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Indonesia President Joko “Jokowi” Widodo stated that the country had seen a drastic increase in cyber crime, according to a report by The Jakarta Post.

Speaking in a limited Cabinet meeting at the State Palace on Tuesday, President Jokowi cited that the number of cases has grown by 389 per cent in 2014 to 2015. He also mentioned that most of the cases occurred in the e-commerce sector.

However, the President stated that there is no need for the government to form a new institution to deal with the issue.

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“We can expand or consolidate units at ministries or institutions that have cyber security functions,” he said.

Supporting his statement, this July the Office of the Coordinating Political, Legal and Security Affairs Minister had stated that cyber attacks in Indonesia rose by 33 per cent in 2015 from the previous year.

Of all these attacks, 54.5 per cent were aimed at e-commerce-related websites, causing the system to stop working.

Cyber security is one of the seven points included in the country’s e-commerce roadmap. The government aims to “strengthen surveillance” (though there was no mention how they plan to do it), and educate the society about the importance of cyber security, especially during transactions.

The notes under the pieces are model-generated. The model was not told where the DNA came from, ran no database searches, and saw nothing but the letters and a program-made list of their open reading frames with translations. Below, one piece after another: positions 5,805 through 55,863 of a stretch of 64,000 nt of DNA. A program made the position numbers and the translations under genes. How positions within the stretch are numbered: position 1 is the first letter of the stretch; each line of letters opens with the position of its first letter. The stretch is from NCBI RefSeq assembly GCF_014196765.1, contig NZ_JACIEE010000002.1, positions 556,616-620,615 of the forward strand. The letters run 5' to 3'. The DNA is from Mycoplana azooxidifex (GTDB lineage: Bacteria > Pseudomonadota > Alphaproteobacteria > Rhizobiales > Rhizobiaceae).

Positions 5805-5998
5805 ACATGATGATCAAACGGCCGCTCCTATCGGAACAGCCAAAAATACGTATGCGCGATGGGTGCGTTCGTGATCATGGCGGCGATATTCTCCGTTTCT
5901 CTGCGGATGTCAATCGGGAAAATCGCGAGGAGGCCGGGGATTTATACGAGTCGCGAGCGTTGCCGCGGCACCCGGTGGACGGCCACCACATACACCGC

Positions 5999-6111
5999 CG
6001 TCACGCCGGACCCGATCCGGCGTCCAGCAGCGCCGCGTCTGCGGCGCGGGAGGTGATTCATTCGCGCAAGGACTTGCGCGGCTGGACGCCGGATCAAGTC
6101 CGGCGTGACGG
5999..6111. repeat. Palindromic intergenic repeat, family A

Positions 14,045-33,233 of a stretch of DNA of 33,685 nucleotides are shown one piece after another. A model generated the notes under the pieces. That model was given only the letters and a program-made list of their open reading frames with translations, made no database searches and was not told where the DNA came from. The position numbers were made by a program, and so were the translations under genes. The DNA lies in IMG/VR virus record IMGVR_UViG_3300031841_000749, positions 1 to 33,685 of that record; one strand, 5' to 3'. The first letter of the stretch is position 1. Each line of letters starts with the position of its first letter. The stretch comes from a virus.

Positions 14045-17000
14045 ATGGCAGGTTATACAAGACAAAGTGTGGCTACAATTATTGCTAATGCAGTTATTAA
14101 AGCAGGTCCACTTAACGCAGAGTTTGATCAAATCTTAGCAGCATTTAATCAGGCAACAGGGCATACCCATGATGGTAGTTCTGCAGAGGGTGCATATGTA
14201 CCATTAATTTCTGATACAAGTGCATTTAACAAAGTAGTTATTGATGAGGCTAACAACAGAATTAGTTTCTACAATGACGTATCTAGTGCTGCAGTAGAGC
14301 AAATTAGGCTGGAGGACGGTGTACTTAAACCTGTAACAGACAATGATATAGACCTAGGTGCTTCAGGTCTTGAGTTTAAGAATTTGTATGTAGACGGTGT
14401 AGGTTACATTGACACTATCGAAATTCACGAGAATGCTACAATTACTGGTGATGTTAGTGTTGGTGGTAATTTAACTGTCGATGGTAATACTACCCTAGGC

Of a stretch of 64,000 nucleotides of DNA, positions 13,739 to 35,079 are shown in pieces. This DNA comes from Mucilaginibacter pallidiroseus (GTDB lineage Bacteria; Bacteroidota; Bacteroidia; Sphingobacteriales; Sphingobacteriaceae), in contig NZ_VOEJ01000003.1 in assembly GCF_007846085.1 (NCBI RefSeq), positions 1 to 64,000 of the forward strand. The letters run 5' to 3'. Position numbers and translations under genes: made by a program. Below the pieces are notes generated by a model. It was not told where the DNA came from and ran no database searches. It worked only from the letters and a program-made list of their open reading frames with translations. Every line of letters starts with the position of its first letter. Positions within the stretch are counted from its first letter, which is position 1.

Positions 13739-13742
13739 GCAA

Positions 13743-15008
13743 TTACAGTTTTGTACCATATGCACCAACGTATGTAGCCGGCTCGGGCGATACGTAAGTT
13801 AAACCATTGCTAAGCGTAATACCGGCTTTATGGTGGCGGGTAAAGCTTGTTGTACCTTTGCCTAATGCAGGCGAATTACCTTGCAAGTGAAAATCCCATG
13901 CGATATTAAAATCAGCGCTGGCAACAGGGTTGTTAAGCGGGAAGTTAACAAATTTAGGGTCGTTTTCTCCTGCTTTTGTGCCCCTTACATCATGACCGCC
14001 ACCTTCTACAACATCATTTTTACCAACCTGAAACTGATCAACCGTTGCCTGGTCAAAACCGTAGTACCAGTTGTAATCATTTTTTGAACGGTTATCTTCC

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Responding to the report, Indonesian e-commerce industry association idEA Chairman Aulia Ersyah Marinto believes that generally all websites are prone to cyber criminal actions.

“There is a perception that e-commerce sites are ‘more sensitive’ due to the varied and invaluable data and information it contains,” he wrote in an e-mail to e27.

Marinto also stressed that idEA actively educates e-commerce services providers on how to avoid cyber crime actions. It also reaches out to consumers by educating them about safe transaction methods. The association utilises different channels such as the media, workshops and seminars, events, and many more.

The chairman also thinks that the current regulation is enough to tackle the issue.

“As the e-commerce industry grows, if it deemed necessary, then there will be the need for new regulation,” he closed.

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